My Lords, I must begin by declaring an interest, since I am an insurance broker specialising in life assurance and pensions. I, too, should like to thank the noble Earl, Lord Gowrie, for his clear exposition of the contents of this Bill. If I understood him aright, there are two main provisions. Some tax exempt friendly societies had, in promotional literature, described benefits in such a way as would take the policies that they were offering outside the permitted limits for tax exempt policies, and doubts about the validity of the contracts had consequently arisen. In the Bill this is solved by excluding promotional literature from consideration. Then there was the problem of what to do about unit linked policies, where an increase in the value of the units would increase the value of the policy beyond the limits allowed. The Bill treats the extra value in the same way as bonuses are treated on with-profit policies issued by tax exempt societies; that is, conventional with-profit policies.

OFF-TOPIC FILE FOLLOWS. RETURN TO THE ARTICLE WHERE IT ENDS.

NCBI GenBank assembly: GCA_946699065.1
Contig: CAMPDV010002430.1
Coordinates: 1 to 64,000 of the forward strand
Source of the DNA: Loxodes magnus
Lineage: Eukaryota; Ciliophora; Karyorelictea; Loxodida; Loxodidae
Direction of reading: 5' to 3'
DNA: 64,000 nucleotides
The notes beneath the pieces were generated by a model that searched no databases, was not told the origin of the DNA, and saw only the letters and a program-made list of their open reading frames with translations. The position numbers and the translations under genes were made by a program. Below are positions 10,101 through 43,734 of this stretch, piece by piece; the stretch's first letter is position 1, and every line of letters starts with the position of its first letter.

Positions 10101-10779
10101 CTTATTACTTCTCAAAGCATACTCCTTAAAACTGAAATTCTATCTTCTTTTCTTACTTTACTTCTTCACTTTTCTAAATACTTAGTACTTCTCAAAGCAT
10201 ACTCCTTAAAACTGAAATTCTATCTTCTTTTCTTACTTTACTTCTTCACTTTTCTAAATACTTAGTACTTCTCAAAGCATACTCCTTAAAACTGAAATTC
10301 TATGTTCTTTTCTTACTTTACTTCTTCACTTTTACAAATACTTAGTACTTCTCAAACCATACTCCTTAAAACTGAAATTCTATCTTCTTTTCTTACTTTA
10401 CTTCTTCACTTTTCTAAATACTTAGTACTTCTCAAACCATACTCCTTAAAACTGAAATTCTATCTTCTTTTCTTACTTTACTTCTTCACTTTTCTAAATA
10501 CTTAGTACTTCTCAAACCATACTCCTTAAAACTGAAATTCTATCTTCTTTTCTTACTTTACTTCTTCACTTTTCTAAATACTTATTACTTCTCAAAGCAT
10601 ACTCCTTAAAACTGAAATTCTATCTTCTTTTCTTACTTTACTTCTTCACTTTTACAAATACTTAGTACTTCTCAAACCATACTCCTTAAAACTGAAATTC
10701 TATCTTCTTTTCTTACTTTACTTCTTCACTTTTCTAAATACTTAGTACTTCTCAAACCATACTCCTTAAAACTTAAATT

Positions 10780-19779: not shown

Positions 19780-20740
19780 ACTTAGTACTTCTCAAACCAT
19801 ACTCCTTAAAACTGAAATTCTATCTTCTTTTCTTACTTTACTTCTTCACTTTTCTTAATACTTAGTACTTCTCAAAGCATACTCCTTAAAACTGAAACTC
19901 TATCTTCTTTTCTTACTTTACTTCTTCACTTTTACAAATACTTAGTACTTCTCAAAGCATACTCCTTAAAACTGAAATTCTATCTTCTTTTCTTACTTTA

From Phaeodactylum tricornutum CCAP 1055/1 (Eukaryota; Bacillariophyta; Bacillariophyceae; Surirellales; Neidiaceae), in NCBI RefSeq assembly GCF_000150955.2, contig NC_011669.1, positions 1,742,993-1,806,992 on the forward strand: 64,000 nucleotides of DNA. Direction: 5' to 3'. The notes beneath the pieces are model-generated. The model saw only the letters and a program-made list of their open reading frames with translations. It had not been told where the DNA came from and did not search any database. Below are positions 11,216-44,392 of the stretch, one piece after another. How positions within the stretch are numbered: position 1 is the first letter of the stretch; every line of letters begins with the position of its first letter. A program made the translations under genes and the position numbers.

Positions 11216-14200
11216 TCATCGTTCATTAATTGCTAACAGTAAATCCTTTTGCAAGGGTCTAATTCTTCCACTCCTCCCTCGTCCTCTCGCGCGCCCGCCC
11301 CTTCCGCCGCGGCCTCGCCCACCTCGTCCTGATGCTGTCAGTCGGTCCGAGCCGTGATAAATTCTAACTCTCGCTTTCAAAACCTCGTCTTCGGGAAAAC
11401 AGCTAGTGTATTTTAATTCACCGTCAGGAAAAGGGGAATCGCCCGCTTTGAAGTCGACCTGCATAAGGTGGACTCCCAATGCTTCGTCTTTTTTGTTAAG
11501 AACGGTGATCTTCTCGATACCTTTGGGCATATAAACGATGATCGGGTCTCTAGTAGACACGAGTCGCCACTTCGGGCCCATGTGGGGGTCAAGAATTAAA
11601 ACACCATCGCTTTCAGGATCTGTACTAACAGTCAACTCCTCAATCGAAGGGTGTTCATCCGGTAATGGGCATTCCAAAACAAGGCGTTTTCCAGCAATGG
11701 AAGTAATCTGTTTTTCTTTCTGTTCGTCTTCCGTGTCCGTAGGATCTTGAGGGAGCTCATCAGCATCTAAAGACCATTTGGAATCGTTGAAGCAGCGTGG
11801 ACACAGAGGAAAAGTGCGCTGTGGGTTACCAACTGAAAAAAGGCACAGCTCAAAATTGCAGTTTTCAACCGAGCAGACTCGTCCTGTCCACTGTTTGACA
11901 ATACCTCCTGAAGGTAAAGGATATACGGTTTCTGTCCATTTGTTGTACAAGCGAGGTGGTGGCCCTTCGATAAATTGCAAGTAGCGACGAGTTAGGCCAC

Both these provisions seem sensible to me in the circumstances and I support them. However, I have one query and one general comment. The query is this. At present, while a tax exempt policy can be surrendered before its first 10 years are up, the surrender value in those circumstances, in view of the tax exempt status, must not exceed the premiums paid. The investor is not entitled to receive the income earned on his contributions. Some societies have sought to get round this by putting the income accrued into a separate account, accruing further income until the end of the original 10 years; it would then be paid over to the policyholder who had surrendered the policy some years earlier but had received only the return of his premiums. Some doubts have arisen about the legality of that procedure. The question I want to ask is whether the Bill legalises that arrangement or whether these doubts are for the moment left unresolved.

The general comment I make is simply this. Friendly societies have had a number of ups and downs in recent years. Tax exempt societies received a boost in 1980 when the sum assured limit was raised to £2,000. Then they began to comply with ordinary life assurance. The policies were of a size—and because of the tax exemption—to be of interest to higher rate taxpayers, in spite of the restriction which exists on the investment itself and new societies came into operation for commercial reasons rather than for traditional self-help reasons.